Phytotoxic effects of Cerbera manghas L. leaf extracts on seedling elongation of four monocot and four dicot test species

Ichsan Nurul Bari, Hisashi Kato-Noguchi


Exploration of allelochemicals with phytotoxic effects is intended to minimize a current dependency on synthetic herbicides in weed management. Several allelochemicals from the tropical tree Cerbera manghas (sea mango) have been reported as termiticides and bactericides. The present study investigated possible phytotoxic effects of C. manghas leaf extracts under laboratory conditions. Four monocots: barnyard grass (Echinochloa crus-galli), foxtail fescue (Vulpia myuros), Italian ryegrass (Lolium multiflorum), and timothy (Phleum pratense) and four dicots: alfalfa (Medicago sativa), garden cress (Lepidium sativum), lettuce (Lactuca sativa), and rapeseed (Brassica napus) were used as test species. Elongation of both shoots and roots of seedlings was measured to assess any phytotoxic effects. The results showed that the sensitivities of shoots and roots were different between the test species, and the inhibition of seedling elongation significantly increased with increasing concentration of leaf extracts of C. manghas for all the test species. The IC50 (50% inhibitory concentration) values showed that 8.50–32.30 and 4.26–34.67 mg dry weight equivalent extract mL−1 of C. manghas inhibited seedling elongation by 50%, for shoots and roots respectively. Isolation and identification of the phytotoxic substances from C. manghas are suggested for future investigation.


Cerbera manghas L.; phytotoxic effects; seedling elongation; inhibition; weed control

Full Text:



Duke SO. Biotechnology: herbicide-resistant crops. In: van Alfen NK, editor. Encyclopedia of agriculture and food systems. Vol. 2. London: Academic Press, Inc.; 2014. p. 94–116.

Pimentel D, Burgess M. Environmental and economic costs of the application of pesticides primarily in the United States. In: Pimentel D, Peshin R, editors. Integrated pest management. Dordrecht: Springer; 2014. p. 47–71.

Bhadoria PBS. Allelopathy: a natural way towards weed management. American Journal of Experimental Agriculture. 2011;1:7–20.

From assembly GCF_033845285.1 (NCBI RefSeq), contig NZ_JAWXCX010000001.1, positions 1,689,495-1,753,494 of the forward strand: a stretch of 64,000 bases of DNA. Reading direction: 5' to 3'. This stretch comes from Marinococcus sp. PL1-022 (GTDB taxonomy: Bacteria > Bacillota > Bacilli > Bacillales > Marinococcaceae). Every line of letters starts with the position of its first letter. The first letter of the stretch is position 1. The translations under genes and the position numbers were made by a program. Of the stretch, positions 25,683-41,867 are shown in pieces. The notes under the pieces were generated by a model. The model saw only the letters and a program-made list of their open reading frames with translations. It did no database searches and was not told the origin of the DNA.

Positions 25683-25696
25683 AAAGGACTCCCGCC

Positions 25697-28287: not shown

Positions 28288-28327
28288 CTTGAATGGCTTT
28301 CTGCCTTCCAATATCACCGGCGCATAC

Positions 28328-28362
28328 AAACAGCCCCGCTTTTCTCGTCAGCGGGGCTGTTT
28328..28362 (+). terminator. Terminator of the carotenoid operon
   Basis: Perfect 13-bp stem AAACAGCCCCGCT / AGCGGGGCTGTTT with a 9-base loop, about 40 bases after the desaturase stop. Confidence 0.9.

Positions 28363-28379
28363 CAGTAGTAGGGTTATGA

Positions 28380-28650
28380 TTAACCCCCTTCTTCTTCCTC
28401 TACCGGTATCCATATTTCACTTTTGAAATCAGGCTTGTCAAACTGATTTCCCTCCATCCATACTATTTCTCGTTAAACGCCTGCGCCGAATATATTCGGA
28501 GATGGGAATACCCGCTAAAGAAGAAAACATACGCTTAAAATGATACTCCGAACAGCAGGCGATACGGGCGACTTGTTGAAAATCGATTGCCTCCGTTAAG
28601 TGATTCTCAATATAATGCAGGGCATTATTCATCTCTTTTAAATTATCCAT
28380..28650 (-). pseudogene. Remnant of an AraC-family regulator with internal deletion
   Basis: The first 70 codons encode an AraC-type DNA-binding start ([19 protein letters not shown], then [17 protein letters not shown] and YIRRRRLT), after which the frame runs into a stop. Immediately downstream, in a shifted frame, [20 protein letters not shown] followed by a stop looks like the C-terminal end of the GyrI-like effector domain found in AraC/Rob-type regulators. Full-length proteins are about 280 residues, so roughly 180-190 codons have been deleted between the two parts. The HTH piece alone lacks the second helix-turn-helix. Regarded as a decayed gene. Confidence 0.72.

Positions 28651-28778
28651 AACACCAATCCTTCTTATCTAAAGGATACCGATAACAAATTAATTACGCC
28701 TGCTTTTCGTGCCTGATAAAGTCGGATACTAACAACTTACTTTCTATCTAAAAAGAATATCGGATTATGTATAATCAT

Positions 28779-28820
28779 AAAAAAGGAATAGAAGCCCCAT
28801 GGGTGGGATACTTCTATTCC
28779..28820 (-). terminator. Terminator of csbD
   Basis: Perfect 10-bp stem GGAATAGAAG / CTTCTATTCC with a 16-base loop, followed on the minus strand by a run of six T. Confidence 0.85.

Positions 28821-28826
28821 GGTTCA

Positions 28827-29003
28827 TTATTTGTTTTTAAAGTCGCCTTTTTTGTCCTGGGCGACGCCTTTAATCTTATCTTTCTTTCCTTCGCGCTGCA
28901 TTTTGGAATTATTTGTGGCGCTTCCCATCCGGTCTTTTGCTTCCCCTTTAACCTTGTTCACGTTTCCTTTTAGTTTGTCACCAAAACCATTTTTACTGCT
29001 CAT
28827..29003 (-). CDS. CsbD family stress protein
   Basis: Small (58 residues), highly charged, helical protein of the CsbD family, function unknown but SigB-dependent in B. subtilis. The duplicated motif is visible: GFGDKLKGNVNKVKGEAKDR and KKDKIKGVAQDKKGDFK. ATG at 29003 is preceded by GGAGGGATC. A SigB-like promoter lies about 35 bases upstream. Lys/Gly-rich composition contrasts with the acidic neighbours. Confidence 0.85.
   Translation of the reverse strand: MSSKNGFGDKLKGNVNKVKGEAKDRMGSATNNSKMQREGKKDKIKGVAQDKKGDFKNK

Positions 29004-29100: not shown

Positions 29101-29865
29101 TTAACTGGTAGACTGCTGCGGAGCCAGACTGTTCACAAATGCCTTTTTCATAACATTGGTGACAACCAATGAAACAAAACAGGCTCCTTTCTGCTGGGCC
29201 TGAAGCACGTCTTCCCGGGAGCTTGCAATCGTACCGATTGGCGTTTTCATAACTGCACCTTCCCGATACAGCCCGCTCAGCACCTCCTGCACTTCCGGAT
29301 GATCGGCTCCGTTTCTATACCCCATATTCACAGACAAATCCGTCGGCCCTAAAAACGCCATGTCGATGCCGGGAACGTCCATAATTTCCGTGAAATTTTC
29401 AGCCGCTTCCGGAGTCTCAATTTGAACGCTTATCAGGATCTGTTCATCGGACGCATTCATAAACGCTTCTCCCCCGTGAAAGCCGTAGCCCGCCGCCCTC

Rice EL. Allelopathy. 2nd ed. Orlando, FL: Academic Press, Inc.; 1984.

Cheng F, Cheng Z. Research progress on the use of plant allelopathy in agriculture and the physiological and ecological mechanisms of allelopathy. Front Plant Sci. 2015;6:1020.

Khalid S, Ahmad T, Shad R. Use of allelopathy in agriculture. Asian J Plant Sci. 2002;1:292–297.

Scott S, Thomas C. Poisonous plants of paradise: first aid and medical treatment of injuries from Hawaii’s plants. Honolulu, HI: University of Hawaii Press; 2000.

Arifin HS, Nakagoshi N. Landscape ecology and urban biodiversity in tropical Indonesian cities. Landscape and Ecological Engineering. 2011;7:33–43.

Xiaopo Z, Yue-hu P, Ming-sheng L, Sheng-li K, Jun-qing Z. Chemical constituents from the leaves of Cerbera manghas. Asian Pac J Trop Med. 2010;3:109–111.

Bandaranayake WM. Bioactivities, bioactive compounds and chemical constituents of mangrove plants. Wetl Ecol Manag. 2002;10:421–452.

Zhou J, Xie G, Yan X. Encyclopedia of traditional Chinese medicines – molecular structures, pharmacological activities, natural sources and applications. Berlin: Springer; 2011.

Xiaopo Z, Sheng Liu M, Hu Pei Y, Qing Zhang J, Li Kang S. Phenylpropionic acid derivates from the bark of Cerbera manghas. Fitoterapia. 2010;81:852–854.

Göltenboth F, Schoppe S. Ecology of insular Southeast Asia – the Indonesian Archipelago. Amsterdam: Elsevier; 2006.

Jeong HY, Sung GH, Kim JH, Yoon JY, Yang Y, Park JG, et al. Syk and Src are major pharmacological targets of a Cerbera manghas methanol extract with kaempferol-based anti-inflammatory activity. J Ethnopharmacol. 2014;151:960–969.

Hossain MA, Islam MA, Sarker S, Rahman M, Siraj MA. Assessment of phytochemical and pharmacological properties of ethanolic extract of Cerbera manghas L. leaves. International Research Journal of Pharmacy. 2013;4:120–123.

Ong HC, Silitonga AS, Mahlia TMI, Masjukia HH, Chonga WT. Investigation of biodiesel production from Cerbera manghas biofuel sources. Energy Procedia. 2014;61:436–439.

Tarmadi D, Himmi SK, Yusuf S. The efficacy of the oleic acid isolated from Cerbera manghas L. seed against a subterranean termite, Coptotermes gestroi Wasmann and a drywood termite, Cryptotermes cynocephalus Light. Procedia Environ Sci. 2014;20:772–777.

Rajathi FAA, Nambaru VRMS. Phytofabrication of nano-crystalline platinum particles by leaves of Cerbera manghas and its antibacterial efficacy. Int J Pharma Bio Sci. 2014;5:619–628.

Sun Z, Duan L, Zhou J, Tian F, An M, Duan SS. Allelopathic effects of water extracts from mangrove plants dry powder and fresh tissue on two red-tide algae. Ecological Science. 2012;31:109–144.

Suwitchayanon P. Allelopathic activity of leaves, stalks and roots of Cymbopogon nardus. Emir J Food Agric. 2013;26:440–447.

Islam AKMM, Kato-noguchi H. Allelopathic potentiality of medicinal plant Leucas aspera. International Journal of Sustainable Agriculture. 2012;4:1–7.

Kato-Noguchi H, Suzuki M, Noguchi K, Ohno O, Suenaga K, Laosinwattana C. A potent phytotoxic substance in Aglaia odorata Lour. Chem Biodivers. 2016;13:549–554.

Duke SO. Phytotchemical phytotoxins and hormesis – a commentary. Dose Response. 2011;76–78.